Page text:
Touro’s Graduate School of Social Work (GSSW) was a key sponsor of the 21st annual NEFESH International Mental Health Conference held in Hauppauge, NY over the weekend of Dec. 21. NEFESH International—a network and training association of Orthodox mental health professionals, rabbis and educators—brought together hundreds of practitioners from around the world for the conference.
How would you define social work?
Social work is a field that focuses on improving people’s lives.
"Whether working in private practice, a mental health clinic, or a pastoral setting, social workers will at some point find themselves sitting across from a client with a terminal illness or at the end of their life. For many, it is a difficult conversation to initiate and brings up an array of emotions for patient, families, physicians and social worker," explains Touro Professor Allison Bobick, a professional in the areas of health care, trauma and bereavement.
Rabbi Mimon Mamane recalls an important lesson he learned during his second-year social work internship in the inpatient neurology service of Memorial Sloan Kettering Cancer Center in New York City. He was assigned to work with a woman with a curable form of cancer. Mamane, who typically worked with patients suffering from terminal forms of brain cancer, figured that this would be one of the easier of his cases. It wasn’t.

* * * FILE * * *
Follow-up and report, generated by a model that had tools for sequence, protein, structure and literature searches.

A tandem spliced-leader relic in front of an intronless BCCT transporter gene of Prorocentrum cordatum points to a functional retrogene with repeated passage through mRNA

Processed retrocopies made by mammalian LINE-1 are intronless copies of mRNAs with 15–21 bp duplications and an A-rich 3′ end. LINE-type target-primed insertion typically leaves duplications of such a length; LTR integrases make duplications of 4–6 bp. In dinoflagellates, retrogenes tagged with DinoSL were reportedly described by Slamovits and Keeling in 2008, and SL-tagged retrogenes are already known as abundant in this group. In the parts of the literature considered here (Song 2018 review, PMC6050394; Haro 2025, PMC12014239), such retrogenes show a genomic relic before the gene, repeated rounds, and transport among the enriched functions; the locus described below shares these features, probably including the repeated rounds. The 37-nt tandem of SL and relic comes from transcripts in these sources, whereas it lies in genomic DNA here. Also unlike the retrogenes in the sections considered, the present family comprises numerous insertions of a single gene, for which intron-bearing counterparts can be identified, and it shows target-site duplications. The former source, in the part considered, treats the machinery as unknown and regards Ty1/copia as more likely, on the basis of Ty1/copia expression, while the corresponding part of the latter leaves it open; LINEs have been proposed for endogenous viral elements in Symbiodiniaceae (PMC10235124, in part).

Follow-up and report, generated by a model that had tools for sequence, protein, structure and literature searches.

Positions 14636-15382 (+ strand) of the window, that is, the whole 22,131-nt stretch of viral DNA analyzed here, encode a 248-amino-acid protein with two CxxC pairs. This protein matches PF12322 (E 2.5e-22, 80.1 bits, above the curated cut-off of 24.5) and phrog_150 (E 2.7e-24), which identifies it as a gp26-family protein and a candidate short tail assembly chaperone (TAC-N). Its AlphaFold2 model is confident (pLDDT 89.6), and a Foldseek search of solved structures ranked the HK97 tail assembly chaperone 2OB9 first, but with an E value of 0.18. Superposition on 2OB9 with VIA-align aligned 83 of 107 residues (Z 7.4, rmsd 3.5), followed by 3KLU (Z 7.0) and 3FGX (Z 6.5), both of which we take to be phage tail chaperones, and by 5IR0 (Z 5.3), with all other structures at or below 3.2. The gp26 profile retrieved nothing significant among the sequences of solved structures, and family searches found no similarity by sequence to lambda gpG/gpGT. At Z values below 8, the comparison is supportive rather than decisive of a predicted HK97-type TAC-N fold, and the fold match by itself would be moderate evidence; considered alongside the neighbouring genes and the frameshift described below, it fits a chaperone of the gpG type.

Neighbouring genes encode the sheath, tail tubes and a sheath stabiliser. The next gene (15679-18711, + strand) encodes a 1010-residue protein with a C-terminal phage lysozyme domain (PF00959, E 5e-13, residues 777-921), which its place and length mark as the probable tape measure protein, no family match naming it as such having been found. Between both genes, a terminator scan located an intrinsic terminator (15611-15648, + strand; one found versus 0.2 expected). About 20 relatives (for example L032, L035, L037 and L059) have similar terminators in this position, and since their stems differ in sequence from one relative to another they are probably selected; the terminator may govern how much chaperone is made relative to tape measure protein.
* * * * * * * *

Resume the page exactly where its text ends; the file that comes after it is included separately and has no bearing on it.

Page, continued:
Shavout is a holiday that requires little physical work or break in routine when compared to Passover and Sukkot.
For the incarcerated youth in Rikers Island, Touro Graduate School of Social Work (GSSW) alum John Lopez has a simple message: “I don’t know what your purpose is,” he tells them. “But I know what it’s not. It’s not to be incarcerated.”
Hugh Maxwell had been many things in his life: a monk, a wall street executive and now a master of social work candidate at Touro’s Graduate School of Social Work (GSSW). But on March 28, a windswept and gray Tuesday, in a legislative building of Albany, he found himself in a new role: lobbyist.
Keneisha Newland is used to making tough decisions.
For Rachel Jungreis, Touro’s Graduate School of Social Work (GSSW) offered her an opportunity to look into herself.
It was supposed to be the coldest day of the year, but the weather was not cooperating. Instead, it was an almost balmy 40 degree windless winter night. But the staff and students of Touro’s Graduate School of Social Work (GSSW) weren’t deterred as they participated in the Homeless Outreach Population Estimate (HOPE).